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Novo looks to scrap metal industry for Egina gold nugget separation options

Novo Resources says it has completed encouraging processing trials on gravels extracted from its joint venture Egina gold project, in the Pilbara of Western Australia, at Steinert’s testing facility in Cologne, Germany.

Phase one of the company’s joint venture with Sumitomo Corp at the Egina gold project centres around gaining a better understanding of geology (grade, continuity, controls, gold particle size distribution, gold location within gravels, gold genesis, etc.) but also involves high level desktop studies and trials to develop potential future processing and mining methodologies.

Preliminary tests of eddy current separator (ECS) technology indicate promising potential to directly extract gold nuggets from gravel, the company said. This is one of several dry processing methodologies being considered by Novo for gold recovery at the project.

Tests conducted on a spectrum of nugget sizes ranging from 1-10 mm demonstrated consistently high gold nugget recovery via ECS technology. Nuggets that underwent testing were recently extracted from gravels at Egina, the company said.

ECSs are predominantly used to recover select metals in the scrap metal industry. Material is fed onto a conveyor, the head pulley of which contains an adjustable high-powered magnet spinning at very high rotation rates, 4,000 rpm in Novo’s tests, independent of the speed of the conveyor, Novo said. This spinning magnet induces an alternating magnetic field that differentially repels non-magnetic metals such as gold.

This magnetic repulsion causes gold nuggets to lift, or fling, off the end of the conveyor belt where they can be separated from waste material by a steel plate. These trials were designed to establish whether Egina gold nuggets react sufficiently to reliably be separated from waste material.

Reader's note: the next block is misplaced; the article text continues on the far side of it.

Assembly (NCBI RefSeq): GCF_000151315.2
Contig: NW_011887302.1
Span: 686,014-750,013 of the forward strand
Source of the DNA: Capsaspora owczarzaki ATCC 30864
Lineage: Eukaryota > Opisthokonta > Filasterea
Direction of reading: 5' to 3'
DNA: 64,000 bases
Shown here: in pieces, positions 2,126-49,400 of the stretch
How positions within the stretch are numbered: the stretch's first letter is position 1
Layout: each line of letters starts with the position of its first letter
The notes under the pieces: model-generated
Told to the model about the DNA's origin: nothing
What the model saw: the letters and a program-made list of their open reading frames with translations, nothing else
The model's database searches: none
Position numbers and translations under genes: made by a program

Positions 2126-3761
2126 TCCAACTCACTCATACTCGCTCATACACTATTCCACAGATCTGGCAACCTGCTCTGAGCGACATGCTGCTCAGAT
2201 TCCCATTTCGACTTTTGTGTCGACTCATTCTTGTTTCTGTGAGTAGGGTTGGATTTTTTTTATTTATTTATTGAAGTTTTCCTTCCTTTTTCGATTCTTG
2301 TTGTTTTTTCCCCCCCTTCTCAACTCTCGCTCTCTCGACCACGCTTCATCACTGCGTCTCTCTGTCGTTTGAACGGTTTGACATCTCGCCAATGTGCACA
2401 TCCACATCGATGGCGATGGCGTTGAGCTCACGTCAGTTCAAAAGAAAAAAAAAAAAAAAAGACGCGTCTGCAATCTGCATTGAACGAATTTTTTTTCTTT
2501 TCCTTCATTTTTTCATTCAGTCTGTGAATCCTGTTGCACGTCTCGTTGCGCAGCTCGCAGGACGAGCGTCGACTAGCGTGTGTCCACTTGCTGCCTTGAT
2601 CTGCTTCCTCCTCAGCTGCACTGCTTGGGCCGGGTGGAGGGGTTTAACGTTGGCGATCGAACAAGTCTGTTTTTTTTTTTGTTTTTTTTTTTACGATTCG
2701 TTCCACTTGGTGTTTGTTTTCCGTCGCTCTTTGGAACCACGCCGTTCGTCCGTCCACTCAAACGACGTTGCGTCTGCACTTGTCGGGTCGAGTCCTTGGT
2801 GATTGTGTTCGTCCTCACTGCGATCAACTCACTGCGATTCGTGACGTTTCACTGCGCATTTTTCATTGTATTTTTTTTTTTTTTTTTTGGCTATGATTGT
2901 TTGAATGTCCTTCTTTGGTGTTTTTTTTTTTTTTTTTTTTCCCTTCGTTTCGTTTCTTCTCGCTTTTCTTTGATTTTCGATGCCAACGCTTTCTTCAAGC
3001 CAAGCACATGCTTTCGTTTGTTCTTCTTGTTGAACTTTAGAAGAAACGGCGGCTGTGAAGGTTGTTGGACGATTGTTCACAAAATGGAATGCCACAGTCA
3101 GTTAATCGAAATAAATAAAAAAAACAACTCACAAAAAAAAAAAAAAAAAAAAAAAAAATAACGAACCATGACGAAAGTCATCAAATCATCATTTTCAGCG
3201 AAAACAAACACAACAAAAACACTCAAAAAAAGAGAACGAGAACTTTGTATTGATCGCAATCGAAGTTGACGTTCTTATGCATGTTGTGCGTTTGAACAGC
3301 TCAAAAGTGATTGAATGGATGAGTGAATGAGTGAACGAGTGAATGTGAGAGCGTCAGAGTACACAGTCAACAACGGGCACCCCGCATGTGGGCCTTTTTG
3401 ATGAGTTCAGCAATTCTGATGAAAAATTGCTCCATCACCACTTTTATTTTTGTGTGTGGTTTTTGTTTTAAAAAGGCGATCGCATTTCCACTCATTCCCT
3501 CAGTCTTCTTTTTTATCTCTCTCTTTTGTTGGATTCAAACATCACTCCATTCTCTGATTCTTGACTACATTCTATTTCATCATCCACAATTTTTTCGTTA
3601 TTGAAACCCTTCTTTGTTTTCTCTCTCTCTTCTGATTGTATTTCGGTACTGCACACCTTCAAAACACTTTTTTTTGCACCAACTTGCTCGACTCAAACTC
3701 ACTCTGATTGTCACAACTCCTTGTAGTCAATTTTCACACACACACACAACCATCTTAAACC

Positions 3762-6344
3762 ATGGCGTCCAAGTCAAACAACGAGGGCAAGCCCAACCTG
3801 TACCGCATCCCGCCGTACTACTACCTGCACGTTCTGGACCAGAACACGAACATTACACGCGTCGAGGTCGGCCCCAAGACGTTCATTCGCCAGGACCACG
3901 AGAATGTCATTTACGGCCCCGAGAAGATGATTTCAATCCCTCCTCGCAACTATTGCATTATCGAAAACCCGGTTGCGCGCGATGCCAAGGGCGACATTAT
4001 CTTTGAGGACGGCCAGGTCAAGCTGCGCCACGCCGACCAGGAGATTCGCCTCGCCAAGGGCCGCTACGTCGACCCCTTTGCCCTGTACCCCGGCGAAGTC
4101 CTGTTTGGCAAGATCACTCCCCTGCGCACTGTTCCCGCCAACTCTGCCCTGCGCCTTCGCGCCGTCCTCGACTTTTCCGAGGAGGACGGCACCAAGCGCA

Novo said: “Gold at Egina predominantly occurs as free nuggets of which most are above 1 mm in size. This presents opportunity to explore innovative technologies, some used commercially in other applications such as ECS technology, to assess their efficacy for use at the Egina gold project.”

In addition to ECS technology, Novo conducted initial testing of Steinert mechanical sorting technology to detect small gold nuggets utilising an Argos EM electro-magnetic sensor, it said. Fine gold nuggets, around 1 mm, were consistently and readily detected indicating potential for direct mechanical sorting of gold nuggets, Novo said.

As a result, a combination of mechanical sorting and ECS technology is also being considered as a potentially viable means of dry processing at Egina, the company said.

Rob Humphryson, CEO and Director of Novo, said: “We are very encouraged by these initial laboratory test results utilising ECS technology. Our mantra when testing new technology and its application to our projects is to ‘test quickly and test cheaply’, and we now have in hand sufficient encouragement from these tests to consider ECS technology highly prospective for application in the field.”

The company said this preliminary testing shows ECS technology can play an important role at Egina, with potential application as a processing solution or an exploration tool, or both. “This technology generates significant inherent advantages: it requires no water, no chemicals, is of low capital cost and is readily mobile. It can also be employed along with other technologies and is scalable,” the company said.

Novo thinks field tests are warranted at larger scale to better understand recovery efficiencies, operating costs and throughput rates and the Company plans further work with Steinert to study schemes in which ECS machines, or ECS machines in combination with mechanical sorting technology, can achieve efficient recovery of gold nuggets at Egina.

The company concluded: “As Novo learns more about gold size particle and mass distribution of gold in Egina gravels, the company can then begin to estimate gold recovery.”